(737g) Bayesian Statistical Learning and Stochastic Programming for Energy Market Participation

Authors: 
Gao, X., University of Notre Dame
Dowling, A., University of Notre Dame
In this presentation, we explore the deep connection between data-driven Bayesian statistical inference and stochastic programming paradigms for decision-making under uncertainty. As a motivating example, we consider optimal strategies into multi-scale electricity markets.

We use Gaussian Process (GP) regression to develop probabilistic models for multi-scale energy prices [1]. An ensemble of timeseries forecasts is then constructed by sampling from the GP predictive distribution in a rolling horizon framework. These forecasts enable two modes of optimal market participation. For self-scheduling, the resource determines when to buy/sell energy and takes the market price [2]. We formulate this as a multistage stochastic program [3,4]. Alternately, a resource can submit bidding curves, which are time-varying piece-wise constant price and energy pairs. These bidding curves communicate to the market the resources flexibility and marginal costs. Calculation of bidding curves for the day-ahead and real-time market are also formulated as stochastic programs [5,6,7]. We compare these two modes of market participation using an entire year of day-ahead market and (real-time) fifteen-minute market data from CAISO [8] for two systems: stand-alone energy storage [2] and a thermal generator [5].We show that the self-schedule mode is less robust to market uncertainty but allows a resource to insure feasible operation. In contrast, bidding into the market is more robust to uncertainty (i.e., the resource submits several contingencies in their bid) but does not guarantee feasible operation. In other words, the amount of stored energy may prevent a resource from satisfying the cleared market schedule, incurring a penalty.

This example highlights the opportunities for data-driven optimization under uncertainty for energy systems. Bayesian inference allows for construction of probability distributions (analytic or samples) to describe random model parameters. We argue this is well-suited for stochastic programming, which seeks to optimize an expected value or other risk metric defined over of the probability space.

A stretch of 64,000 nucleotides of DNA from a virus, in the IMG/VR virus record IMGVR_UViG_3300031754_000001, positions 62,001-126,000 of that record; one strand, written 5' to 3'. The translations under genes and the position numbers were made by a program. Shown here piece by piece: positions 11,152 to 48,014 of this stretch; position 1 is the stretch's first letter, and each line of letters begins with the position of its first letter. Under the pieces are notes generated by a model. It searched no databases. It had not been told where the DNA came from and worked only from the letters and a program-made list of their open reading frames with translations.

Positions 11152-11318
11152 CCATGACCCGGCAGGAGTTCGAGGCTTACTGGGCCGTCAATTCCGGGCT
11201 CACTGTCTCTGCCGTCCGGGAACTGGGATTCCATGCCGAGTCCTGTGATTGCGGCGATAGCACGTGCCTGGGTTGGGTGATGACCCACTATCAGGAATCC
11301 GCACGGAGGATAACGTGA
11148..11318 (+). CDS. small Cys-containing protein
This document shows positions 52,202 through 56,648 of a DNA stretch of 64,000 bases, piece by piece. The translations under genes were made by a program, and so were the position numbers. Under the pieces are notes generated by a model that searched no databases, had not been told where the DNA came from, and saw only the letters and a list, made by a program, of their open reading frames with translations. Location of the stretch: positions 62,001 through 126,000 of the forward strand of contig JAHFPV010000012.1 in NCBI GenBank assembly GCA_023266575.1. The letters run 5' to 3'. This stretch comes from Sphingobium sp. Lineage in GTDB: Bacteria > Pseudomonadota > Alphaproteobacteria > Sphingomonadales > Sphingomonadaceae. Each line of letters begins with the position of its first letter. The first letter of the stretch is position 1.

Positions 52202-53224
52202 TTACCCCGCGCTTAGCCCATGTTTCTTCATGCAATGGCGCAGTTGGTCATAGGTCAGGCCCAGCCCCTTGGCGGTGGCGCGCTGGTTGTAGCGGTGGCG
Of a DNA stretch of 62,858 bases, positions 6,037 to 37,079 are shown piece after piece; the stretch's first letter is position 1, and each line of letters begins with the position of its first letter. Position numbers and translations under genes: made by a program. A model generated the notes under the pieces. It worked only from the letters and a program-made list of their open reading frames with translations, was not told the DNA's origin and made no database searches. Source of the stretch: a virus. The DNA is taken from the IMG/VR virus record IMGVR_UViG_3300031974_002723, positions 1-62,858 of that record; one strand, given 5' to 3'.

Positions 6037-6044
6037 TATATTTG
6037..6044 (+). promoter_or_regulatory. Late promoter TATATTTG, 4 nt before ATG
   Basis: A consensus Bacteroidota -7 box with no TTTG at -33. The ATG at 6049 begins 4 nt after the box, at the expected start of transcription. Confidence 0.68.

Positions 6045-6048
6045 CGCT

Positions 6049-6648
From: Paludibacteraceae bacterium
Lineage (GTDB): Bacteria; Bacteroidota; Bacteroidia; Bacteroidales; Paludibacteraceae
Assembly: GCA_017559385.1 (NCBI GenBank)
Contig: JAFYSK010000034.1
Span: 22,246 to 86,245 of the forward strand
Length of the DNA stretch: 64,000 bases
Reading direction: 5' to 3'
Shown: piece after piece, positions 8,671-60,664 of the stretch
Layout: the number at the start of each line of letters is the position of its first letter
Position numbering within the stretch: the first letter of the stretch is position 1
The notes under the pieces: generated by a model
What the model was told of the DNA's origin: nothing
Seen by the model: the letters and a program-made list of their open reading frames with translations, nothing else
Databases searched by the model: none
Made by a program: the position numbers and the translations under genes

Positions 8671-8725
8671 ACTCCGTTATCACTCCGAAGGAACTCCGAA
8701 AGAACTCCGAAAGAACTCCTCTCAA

Reference:

[1] Bishop, C. M. (2006). Pattern Recognition and Machine Learning. Springer.

[2] Dowling, A. W., Kumar, R., & Zavala, V. M. (2017). A multi-scale optimization framework for electricity market participation. Applied Energy, 190, 147-164.

[3] Ierapetritou, M. G., Wu, D., Vin, J., Sweeney, P., & Chigirinskiy, M. (2002). Cost minimization in an energy-intensive plant using mathematical programming approaches. Industrial & Engineering Chemistry Research, 41(21), 5262-5277.

[4] Kumar, R., Wenzel, M. J., Ellis, M. J., ElBsat, M. N., Drees, K. H., & Zavala, V. M. (2018). A stochastic model predictive control framework for stationary battery systems. IEEE Transactions on Power Systems, 33(4), 4397-4406.

[5] Plazas, M. A., Conejo, A. J., & Prieto, F. J. (2005). Multimarket optimal bidding for a power producer. IEEE Transactions on Power Systems, 20(4), 2041-2050.

[6] Dominguez, R., Baringo, L., & Conejo, A. J. (2012). Optimal offering strategy for a concentrating solar power plant. Applied Energy, 98, 316-325.

[7] Zhang, X., & Hug, G. (2015, February). Bidding strategy in energy and spinning reserve markets for aluminum smelters' demand response. In 2015 IEEE Power & Energy Society Innovative Smart Grid Technologies Conference (ISGT) (pp. 1-5). IEEE.

[8] Dowling, A. W., & Zavala, V. M. (2018). Economic opportunities for industrial systems from frequency regulation markets. Computers & Chemical Engineering, 114, 254-264.

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